• National Lampoon's Vacation and Christmas Vacation, Caddyshack, and Fletch are all ‘80s comedy classics starring Chevy Chase. Funny Farm deserves to be recognized similarly. It’s arguably his best film in a traditional sense. Chase stars as Andy Farmer, a sports writer who buys a country home hoping to write the “great American novel” there. While the town looks quaint, Andy and his wife Elizabeth (Madolyn Smith) discover that the locals aren't terribly welcoming toward city folk.

    Funny Farm was directed by George Roy Hill, the man who made Butch Cassidy and the Sundance Kid and The Sting. He emphasizes story and comedic tone, helping Chase give a three-dimensional performance that ranks among his best work. Culture clash comedies are a dime a dozen, but this one is so well made and so relentlessly funny that it stands apart from the pack. It's too bad Funny Farm had the misfortune of opening on the same day as the Tom Hanks movie Big in 1988. 

    28 votes
  • Captain Ron stars Martin Short as Martin Harvey, an office worker who inherits a sailboat from his deceased uncle. He wants to take his family on a vacation but doesn't know how to use the thing, so he hires Ron Rico (Kurt Russell) to be his captain. Despite his proclamations of being seaworthy, Ron is hiding a bunch of secrets that come out during the hilariously disastrous trip they take together.

    Short and Russell are an unlikely pairing, but it works. The actors are different enough in appearance and personality that they make a delightful odd couple. Lots of laughs emerge from their sometimes tense interactions. Captain Ron is perfect for those occasions when you want an unrepentantly silly comedy that will have you giggling nonstop.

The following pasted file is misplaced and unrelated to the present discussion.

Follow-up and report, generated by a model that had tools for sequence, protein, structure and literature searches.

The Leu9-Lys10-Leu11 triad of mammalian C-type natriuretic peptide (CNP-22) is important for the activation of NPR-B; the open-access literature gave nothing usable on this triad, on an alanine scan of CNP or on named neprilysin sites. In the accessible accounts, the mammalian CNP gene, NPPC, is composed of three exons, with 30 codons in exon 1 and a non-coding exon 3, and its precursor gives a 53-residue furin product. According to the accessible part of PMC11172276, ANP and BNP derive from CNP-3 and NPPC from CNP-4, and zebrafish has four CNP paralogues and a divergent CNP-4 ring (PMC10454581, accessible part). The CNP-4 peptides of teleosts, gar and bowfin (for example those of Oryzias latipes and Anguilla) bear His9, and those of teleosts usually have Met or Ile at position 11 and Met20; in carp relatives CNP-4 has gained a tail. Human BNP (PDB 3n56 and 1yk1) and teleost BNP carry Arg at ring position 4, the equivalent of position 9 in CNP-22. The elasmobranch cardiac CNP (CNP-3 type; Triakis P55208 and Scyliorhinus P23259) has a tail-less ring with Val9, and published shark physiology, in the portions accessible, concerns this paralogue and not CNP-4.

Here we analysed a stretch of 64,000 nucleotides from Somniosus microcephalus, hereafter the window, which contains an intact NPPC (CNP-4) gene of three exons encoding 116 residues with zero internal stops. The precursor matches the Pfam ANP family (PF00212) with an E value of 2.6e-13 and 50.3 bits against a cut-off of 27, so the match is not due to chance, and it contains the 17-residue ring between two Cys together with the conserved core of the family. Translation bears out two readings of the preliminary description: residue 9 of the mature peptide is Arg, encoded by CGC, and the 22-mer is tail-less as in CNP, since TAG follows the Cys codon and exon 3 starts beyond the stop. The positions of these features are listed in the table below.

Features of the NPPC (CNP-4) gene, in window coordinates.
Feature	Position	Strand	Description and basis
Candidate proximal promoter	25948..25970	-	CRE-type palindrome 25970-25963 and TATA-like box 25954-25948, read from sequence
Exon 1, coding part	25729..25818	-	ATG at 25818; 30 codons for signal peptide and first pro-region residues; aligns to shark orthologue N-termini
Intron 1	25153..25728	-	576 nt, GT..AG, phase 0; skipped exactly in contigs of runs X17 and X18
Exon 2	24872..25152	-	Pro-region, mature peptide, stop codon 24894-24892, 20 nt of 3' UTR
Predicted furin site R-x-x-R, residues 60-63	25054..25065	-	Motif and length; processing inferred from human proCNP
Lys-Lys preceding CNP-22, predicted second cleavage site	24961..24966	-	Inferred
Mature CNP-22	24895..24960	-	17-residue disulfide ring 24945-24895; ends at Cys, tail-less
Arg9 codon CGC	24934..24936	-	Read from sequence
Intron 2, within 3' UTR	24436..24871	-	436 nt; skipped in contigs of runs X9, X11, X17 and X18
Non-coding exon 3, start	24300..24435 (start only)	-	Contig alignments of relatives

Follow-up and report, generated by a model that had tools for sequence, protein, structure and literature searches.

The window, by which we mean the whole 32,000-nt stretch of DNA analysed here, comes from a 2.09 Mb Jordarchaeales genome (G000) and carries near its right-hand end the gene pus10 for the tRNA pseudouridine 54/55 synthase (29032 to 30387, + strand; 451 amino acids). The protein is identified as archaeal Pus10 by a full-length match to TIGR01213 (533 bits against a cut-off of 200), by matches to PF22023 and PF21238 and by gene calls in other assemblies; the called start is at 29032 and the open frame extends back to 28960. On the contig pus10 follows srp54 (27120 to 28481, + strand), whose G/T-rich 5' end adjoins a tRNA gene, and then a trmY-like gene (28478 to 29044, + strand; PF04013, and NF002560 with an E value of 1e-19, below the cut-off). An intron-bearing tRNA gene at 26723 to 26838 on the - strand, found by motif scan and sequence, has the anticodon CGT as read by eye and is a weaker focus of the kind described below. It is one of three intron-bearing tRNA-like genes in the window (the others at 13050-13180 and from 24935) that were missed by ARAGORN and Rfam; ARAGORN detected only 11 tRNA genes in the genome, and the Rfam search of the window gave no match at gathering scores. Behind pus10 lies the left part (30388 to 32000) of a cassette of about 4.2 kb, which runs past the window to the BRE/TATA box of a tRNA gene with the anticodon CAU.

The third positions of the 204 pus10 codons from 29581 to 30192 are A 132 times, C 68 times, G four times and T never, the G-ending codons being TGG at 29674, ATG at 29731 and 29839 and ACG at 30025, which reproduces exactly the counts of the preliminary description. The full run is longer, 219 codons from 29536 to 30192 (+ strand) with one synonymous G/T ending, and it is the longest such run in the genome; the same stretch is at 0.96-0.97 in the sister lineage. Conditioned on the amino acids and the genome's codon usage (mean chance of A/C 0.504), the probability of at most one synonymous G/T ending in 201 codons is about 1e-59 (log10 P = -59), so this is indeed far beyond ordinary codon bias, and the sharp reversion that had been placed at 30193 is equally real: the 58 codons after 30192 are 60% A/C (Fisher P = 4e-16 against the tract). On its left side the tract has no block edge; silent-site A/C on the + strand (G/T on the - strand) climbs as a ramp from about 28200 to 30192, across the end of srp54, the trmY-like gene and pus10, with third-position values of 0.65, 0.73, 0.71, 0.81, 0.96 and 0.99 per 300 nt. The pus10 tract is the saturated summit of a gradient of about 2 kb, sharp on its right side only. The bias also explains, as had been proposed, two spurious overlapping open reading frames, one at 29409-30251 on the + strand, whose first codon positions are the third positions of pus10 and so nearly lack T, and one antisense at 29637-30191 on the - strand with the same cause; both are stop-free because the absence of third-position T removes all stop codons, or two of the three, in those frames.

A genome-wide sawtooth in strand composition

30 votes
  • Only one person could credibly play Joe Friday in a movie remake of the TV series Dragnet, and that person is Dan Aykroyd. He has the ability to do the same kind of rapid-fire dialogue that Jack Webb made famous on the show, albeit in a comedic way. The film finds Friday and partner Pep Streebek (Tom Hanks) investigating a series of thefts. The trail leads to a mysterious pagan cult looking to sacrifice a virgin. 

    Much of the humor in Dragnet comes from the way Aykroyd spoofs Friday's dead-serious personality and strict adherence to the police code. Hanks provides a goofier edge to balance that out. Paring these two legends together leads to serious fun. As an added bonus, the actors collaborate on a rap song called “City of Crime” that plays over the end credits. 

    24 votes